“Gotta hand it to the guy,” Ronan gushed. “Every time we come here it smells insane. Like he kidnapped everyone’s grandmother in an eight block radius and has them slaving away in the kitchen. Like a sweat shop from the ol’ country,” he added with a raspy attempt at an old Italian man’s accent. His grin widened and his eyes brightened. “And the scenery…”

Ronan’s gaze slowly circled the room. He did not focus on the ornate chandeliers with amber bulbs nestled inside the triple tiers of frosted glass bowls that resembled glowing snowmen strung upside-down. His gaze skipped over the chairs crisply wrapped in white linen and the black and brown marbled countertops speckled with what looked like thin flakes of gold. But Brayden noticed them. He noticed everything. Even the infinity waterfalls silently cascading down the tiled halls. Infused with bubbles, the golden lights made the water resemble champagne raining down from the ceiling painted to look like heaven. The Creation of Adam: a little cliché, Brayden judged to his own amusement. Although it would be the closest Adesso would ever get to such an afterlife. Heaven’s doors don’t open for arrogant thieves and casual murderers. I’ll let him dream Brayden laughed to himself.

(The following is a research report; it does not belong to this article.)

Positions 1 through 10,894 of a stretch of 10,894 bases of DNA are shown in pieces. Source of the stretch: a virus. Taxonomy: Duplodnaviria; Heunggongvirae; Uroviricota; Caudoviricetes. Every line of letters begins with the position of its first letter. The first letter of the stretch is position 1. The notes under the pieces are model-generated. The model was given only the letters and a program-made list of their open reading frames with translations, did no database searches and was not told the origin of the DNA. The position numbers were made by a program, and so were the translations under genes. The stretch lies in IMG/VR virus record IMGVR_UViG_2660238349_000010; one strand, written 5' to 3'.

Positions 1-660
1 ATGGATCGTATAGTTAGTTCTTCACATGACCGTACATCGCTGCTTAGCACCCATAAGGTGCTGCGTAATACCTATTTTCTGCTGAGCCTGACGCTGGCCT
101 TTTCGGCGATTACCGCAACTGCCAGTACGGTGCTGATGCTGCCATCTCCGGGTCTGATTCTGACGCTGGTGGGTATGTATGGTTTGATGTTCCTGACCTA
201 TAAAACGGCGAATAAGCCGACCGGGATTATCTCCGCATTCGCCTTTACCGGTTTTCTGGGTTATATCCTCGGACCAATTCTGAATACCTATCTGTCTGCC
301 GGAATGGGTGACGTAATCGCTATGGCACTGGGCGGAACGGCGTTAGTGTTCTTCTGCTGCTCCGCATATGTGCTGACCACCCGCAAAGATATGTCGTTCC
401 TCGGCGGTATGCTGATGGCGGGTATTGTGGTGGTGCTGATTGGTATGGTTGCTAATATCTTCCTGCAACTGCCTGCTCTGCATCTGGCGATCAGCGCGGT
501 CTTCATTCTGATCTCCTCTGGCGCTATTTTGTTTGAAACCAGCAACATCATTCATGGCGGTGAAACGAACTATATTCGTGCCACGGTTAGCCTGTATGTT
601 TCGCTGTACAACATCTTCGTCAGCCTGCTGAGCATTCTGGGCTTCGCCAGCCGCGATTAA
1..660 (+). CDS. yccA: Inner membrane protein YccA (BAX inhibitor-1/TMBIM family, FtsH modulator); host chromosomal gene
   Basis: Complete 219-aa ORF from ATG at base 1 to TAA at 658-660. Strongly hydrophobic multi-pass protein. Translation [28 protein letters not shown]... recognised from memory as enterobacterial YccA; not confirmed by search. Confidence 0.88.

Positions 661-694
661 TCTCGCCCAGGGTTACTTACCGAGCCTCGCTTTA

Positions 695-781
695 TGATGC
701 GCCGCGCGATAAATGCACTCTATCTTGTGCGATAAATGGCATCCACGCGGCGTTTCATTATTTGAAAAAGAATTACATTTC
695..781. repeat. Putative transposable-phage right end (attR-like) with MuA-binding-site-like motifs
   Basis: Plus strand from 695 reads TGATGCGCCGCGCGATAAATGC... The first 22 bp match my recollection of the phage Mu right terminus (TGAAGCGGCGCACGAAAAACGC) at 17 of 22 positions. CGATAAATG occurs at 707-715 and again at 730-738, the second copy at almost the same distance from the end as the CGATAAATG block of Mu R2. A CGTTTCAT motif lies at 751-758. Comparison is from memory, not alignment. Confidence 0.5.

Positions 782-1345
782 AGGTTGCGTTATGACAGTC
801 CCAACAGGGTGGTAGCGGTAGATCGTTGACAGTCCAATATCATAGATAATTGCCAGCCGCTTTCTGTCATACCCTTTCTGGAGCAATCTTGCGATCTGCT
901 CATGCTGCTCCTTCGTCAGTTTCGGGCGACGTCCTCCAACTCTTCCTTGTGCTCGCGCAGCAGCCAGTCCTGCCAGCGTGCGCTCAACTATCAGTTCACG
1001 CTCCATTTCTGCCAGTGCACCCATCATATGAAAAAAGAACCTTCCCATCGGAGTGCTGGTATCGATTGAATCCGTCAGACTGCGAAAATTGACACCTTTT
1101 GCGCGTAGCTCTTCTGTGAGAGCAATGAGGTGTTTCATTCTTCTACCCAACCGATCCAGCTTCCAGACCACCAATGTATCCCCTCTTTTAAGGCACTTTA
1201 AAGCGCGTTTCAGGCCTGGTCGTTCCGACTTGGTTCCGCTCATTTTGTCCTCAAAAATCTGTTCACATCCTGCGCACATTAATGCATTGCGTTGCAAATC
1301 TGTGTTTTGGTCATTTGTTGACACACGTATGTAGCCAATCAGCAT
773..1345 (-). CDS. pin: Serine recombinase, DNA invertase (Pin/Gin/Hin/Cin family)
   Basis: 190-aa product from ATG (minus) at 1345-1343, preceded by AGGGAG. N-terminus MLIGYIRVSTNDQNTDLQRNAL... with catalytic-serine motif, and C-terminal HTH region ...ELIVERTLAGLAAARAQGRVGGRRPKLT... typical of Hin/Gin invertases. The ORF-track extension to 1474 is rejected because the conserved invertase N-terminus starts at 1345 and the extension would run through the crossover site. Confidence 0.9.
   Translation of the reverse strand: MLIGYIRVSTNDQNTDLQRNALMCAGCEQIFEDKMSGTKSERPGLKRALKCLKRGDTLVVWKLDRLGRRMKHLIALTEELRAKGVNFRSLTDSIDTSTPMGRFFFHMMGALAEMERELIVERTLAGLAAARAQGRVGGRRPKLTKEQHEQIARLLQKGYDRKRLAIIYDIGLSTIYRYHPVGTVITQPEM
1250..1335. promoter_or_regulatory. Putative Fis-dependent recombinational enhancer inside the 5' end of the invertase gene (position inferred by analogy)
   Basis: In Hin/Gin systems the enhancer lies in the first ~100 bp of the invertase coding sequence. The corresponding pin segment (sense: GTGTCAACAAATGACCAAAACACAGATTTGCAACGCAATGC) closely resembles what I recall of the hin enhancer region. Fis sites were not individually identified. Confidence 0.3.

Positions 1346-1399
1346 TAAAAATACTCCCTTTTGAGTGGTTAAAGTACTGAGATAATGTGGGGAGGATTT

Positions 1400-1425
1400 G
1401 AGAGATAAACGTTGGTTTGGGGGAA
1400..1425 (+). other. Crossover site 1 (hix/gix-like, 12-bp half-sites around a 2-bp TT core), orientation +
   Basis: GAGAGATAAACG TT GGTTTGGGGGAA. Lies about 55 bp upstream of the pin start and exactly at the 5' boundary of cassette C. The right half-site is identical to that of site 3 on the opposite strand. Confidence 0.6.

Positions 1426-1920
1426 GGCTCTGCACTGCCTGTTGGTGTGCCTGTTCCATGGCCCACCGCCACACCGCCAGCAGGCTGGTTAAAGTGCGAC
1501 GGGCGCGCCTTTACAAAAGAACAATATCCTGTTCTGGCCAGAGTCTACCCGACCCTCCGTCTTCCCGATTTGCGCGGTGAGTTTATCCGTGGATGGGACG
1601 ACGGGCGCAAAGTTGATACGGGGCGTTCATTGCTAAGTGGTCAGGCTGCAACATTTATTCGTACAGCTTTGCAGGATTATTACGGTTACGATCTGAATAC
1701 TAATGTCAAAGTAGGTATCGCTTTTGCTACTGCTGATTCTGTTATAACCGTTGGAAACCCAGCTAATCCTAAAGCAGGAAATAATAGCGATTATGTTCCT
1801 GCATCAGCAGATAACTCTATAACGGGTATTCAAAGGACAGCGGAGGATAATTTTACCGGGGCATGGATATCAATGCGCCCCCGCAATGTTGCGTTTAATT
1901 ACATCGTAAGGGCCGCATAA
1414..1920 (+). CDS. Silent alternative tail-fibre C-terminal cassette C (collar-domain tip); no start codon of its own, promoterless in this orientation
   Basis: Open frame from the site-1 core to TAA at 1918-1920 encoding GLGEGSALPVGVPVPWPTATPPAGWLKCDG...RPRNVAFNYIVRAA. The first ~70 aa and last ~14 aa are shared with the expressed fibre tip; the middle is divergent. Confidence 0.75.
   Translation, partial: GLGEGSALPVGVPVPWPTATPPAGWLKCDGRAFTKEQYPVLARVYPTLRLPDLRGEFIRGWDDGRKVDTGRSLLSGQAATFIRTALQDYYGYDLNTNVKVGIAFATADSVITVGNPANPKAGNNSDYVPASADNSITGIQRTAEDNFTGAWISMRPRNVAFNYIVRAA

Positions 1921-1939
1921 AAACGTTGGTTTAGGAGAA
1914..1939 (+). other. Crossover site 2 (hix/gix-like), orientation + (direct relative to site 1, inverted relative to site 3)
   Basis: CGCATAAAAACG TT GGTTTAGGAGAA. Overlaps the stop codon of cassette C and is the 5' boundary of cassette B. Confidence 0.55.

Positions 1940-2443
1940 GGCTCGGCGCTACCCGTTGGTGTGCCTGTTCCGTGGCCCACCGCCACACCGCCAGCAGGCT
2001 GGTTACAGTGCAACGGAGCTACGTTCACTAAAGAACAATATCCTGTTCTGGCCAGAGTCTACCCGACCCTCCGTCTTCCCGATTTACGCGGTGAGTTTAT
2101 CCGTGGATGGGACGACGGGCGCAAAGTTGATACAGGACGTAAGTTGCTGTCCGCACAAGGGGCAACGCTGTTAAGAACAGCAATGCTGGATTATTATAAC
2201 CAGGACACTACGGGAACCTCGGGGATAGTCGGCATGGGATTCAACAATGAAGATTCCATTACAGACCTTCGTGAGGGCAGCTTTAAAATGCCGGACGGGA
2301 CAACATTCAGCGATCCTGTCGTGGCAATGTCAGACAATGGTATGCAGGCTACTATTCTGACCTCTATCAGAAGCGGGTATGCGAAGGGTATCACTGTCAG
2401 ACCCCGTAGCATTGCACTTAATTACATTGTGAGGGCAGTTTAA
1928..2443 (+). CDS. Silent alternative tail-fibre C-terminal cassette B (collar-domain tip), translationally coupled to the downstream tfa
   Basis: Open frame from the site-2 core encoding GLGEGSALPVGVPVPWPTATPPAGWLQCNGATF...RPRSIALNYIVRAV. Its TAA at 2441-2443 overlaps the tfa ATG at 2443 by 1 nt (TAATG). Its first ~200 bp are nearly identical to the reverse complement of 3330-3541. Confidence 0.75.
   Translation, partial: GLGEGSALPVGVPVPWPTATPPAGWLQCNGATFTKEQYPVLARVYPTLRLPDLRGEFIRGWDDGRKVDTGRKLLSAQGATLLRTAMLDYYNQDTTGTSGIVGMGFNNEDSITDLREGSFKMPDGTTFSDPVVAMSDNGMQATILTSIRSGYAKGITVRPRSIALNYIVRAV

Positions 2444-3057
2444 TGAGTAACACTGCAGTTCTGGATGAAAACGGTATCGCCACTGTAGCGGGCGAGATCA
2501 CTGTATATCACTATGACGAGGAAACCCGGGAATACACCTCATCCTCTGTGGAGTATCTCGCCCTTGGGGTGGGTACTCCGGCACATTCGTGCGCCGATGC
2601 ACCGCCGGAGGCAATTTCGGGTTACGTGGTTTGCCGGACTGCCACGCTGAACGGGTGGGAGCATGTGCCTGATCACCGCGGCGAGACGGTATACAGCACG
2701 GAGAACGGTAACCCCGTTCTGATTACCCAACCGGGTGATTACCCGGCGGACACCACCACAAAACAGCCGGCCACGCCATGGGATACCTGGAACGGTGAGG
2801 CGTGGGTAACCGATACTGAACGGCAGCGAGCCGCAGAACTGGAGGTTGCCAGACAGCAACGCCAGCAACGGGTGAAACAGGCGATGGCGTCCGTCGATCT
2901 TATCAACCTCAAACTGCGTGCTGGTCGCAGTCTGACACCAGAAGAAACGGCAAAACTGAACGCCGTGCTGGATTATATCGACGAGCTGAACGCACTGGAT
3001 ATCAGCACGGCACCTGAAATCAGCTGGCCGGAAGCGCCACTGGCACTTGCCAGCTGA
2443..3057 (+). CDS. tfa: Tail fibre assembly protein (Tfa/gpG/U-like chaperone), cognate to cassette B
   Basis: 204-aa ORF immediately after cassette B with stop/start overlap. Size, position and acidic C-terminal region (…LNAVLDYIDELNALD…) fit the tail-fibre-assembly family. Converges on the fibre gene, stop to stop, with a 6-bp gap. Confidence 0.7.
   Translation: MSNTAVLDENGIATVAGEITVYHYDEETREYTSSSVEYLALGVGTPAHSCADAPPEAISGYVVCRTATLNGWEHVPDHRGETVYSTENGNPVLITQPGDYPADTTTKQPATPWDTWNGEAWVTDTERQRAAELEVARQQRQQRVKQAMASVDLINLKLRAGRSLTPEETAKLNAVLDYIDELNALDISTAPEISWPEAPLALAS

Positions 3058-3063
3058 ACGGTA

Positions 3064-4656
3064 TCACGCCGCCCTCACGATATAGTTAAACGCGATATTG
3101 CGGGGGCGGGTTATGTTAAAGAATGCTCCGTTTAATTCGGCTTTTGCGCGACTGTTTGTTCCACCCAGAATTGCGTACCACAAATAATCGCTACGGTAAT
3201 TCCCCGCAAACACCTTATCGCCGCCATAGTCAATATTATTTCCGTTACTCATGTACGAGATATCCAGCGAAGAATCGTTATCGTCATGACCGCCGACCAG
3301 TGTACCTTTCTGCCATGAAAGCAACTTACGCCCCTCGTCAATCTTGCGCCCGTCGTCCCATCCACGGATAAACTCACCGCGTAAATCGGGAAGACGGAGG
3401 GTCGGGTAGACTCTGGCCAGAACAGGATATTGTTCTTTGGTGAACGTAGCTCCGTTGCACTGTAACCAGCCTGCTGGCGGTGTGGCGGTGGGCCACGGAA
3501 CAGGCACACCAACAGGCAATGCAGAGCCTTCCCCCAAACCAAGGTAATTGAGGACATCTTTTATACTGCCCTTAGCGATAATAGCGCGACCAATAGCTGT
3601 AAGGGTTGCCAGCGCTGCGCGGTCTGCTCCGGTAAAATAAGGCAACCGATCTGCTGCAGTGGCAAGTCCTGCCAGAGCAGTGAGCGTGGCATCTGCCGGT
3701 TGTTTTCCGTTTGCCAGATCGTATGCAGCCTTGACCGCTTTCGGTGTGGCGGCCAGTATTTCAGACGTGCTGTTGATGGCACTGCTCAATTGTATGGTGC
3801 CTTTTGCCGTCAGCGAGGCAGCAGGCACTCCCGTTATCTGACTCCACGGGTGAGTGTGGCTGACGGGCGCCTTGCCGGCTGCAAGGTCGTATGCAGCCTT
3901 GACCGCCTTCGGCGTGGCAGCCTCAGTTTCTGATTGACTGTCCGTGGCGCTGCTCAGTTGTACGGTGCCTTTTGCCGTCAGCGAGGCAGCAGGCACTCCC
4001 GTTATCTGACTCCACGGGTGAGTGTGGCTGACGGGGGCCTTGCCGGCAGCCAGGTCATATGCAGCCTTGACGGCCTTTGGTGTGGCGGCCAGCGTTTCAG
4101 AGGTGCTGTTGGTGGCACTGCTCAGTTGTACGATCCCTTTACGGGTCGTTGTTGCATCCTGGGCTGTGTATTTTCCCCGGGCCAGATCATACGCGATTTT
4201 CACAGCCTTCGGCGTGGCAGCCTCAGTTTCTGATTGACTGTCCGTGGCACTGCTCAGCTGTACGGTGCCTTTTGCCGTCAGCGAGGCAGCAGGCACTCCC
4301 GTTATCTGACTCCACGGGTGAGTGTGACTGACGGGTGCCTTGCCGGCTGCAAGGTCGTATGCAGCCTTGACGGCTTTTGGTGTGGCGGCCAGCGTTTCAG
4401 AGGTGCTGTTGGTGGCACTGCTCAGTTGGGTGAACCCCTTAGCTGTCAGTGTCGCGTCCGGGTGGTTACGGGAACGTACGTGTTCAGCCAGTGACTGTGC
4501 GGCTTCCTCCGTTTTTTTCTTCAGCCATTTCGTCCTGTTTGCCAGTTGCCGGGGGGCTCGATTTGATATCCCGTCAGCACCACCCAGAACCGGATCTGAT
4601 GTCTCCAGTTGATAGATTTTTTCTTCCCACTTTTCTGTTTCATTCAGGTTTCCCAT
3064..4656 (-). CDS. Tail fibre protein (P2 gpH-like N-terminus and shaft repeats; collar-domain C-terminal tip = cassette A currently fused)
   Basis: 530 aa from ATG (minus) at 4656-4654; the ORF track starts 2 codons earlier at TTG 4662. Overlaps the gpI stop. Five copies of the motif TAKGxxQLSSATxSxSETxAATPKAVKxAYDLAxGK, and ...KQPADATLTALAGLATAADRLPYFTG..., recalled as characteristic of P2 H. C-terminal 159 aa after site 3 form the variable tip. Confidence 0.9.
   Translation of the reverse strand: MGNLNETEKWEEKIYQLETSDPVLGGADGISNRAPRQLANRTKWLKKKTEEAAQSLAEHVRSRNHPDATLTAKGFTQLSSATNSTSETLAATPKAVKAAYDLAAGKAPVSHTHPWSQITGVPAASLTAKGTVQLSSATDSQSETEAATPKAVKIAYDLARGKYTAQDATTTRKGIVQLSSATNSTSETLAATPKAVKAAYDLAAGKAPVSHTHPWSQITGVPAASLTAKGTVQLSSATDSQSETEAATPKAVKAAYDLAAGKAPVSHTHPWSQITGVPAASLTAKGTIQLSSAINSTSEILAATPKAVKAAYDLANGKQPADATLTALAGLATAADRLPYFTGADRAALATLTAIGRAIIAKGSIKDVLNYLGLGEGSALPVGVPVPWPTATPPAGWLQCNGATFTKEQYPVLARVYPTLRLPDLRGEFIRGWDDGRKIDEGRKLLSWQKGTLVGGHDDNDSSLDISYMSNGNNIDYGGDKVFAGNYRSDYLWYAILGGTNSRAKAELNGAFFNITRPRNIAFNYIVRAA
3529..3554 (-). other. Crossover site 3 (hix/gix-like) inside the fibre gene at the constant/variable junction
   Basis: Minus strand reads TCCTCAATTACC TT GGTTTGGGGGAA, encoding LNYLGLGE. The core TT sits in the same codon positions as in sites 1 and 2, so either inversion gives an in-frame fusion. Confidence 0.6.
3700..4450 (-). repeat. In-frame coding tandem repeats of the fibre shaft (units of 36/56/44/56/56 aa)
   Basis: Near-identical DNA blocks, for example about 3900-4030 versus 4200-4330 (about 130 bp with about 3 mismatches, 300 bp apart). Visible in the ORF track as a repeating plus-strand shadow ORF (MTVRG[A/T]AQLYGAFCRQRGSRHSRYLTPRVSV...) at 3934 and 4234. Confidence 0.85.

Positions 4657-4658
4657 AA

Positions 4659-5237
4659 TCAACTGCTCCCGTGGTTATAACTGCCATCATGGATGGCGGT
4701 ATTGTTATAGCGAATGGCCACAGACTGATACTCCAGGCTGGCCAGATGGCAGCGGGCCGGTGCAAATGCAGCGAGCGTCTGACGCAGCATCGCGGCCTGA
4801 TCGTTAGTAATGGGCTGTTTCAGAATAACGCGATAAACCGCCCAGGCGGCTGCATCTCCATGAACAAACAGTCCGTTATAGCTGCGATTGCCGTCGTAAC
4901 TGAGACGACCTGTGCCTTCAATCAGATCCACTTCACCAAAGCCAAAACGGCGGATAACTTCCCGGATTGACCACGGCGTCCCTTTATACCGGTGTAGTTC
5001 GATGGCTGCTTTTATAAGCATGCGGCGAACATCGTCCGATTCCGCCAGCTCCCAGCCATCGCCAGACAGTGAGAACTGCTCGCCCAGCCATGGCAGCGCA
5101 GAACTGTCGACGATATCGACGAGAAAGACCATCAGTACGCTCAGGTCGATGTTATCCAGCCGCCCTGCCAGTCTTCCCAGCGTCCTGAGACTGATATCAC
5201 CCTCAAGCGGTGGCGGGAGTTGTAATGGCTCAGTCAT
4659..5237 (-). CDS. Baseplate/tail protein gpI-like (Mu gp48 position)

It wasn’t just the crimes Adesso committed that bothered Brayden as much as the way he did them. There was nothing he wouldn’t do. Human-trafficking, lethal school drug rings, and arms-deals with ISIS was the way he made it to the top. And the worst of it all, was the line that stretched around the block to get in his place.

“Fetching, wouldn’t you say?” Ronan asked smiling. He was addressing his partner, but his voice was loud enough to be heard by a group of young brunettes striding by in short tight cocktail dresses. Their giggles and blushing cheeks were all Ronan needed to feed his dreams of tonight’s possibilities.

They had been waiting for months for the opportunity to nail Adesso, and to nail him for good this time. Get him with enough dirt that not even his league of crooked lawyers could scour it away. The Ucs had been working him for months, and tonight they would make their final move. They’d gotten a tip on a ship coming in smuggling kidnapped refugees Adesso was selling. The men to work as indentured servants working off about fifty grand a head, and the women were sold into much worse for even more.